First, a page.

I think finding a world with the same composition as ours is moderately unlikely, but we have found similar ones! There's just so much out there that it seems silly to assume that planets like ours are uncommon. An interesting (and rather egotistic) part of the Rare Earth hypothesis is that a planet like ours is the only place intelligent life can come from - there has to be other life out there. Primitive precursors have been created in labs with nothing more than minerals and energy (and I don't have a link to that, but if I find it I'll add it in), two things very abundant out in the big wide world. Things have a habit of surviving and adapting despite insane conditions, as volcanoes and sea-vents show. Intelligent life will show up somewhere, eventually, though it may not match our definitions (or even be carbon-based).

[x] Bob-IT [x]
For all we know, there could be no complex organisms outside of Earth. Perhaps we're the first to evolve and there is no complex life besides us out there yet.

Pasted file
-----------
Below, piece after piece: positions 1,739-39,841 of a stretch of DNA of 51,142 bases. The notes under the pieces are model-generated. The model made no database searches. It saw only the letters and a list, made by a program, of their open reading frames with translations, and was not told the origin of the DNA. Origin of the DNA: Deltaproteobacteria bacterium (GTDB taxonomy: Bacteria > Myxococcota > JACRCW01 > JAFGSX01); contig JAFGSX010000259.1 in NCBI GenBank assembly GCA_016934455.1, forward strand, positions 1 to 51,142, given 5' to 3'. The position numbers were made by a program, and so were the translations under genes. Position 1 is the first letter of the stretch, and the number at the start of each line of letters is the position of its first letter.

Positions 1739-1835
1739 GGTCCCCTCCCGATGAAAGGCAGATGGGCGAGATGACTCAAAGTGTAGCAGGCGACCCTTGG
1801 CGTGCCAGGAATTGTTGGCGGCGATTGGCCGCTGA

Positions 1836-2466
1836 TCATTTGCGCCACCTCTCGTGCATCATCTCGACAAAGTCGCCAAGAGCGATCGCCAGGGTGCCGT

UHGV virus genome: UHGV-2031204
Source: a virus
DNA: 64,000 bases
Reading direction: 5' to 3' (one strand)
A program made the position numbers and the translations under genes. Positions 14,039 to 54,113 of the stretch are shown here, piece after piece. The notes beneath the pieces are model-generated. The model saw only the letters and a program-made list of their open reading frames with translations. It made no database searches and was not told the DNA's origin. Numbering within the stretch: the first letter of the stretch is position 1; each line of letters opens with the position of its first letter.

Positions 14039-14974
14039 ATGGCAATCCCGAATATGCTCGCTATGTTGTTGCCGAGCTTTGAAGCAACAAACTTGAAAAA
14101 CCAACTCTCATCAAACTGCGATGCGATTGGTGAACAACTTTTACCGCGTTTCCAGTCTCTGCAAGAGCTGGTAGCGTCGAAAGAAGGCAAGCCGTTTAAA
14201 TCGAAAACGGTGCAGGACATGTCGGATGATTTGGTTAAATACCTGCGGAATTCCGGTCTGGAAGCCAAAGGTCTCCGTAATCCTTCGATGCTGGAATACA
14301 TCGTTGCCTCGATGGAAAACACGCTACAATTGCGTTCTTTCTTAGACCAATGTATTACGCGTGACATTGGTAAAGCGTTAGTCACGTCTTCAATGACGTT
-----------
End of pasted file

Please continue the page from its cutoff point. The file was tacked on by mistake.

There is just so much we don't know yet. But I'm SUPER excited to find out.
Have you read any David Brin (the writer and astrophysicist, not the other one)? That's one of the possibilities he has brought up - there's hundreds of races, they're going to bicker and trade and travel- and we're too early. No one's evolved within shouting distance yet. "The Crystal Spheres" (a fantastic science fiction story) is a logical extreme of the idea (which he referred to as "too improbable for my SETI presentations, but worth writing down'').

Yeah, we understand an estimated 4% of the universe. There's so much more out there, and it's going to be fascinating!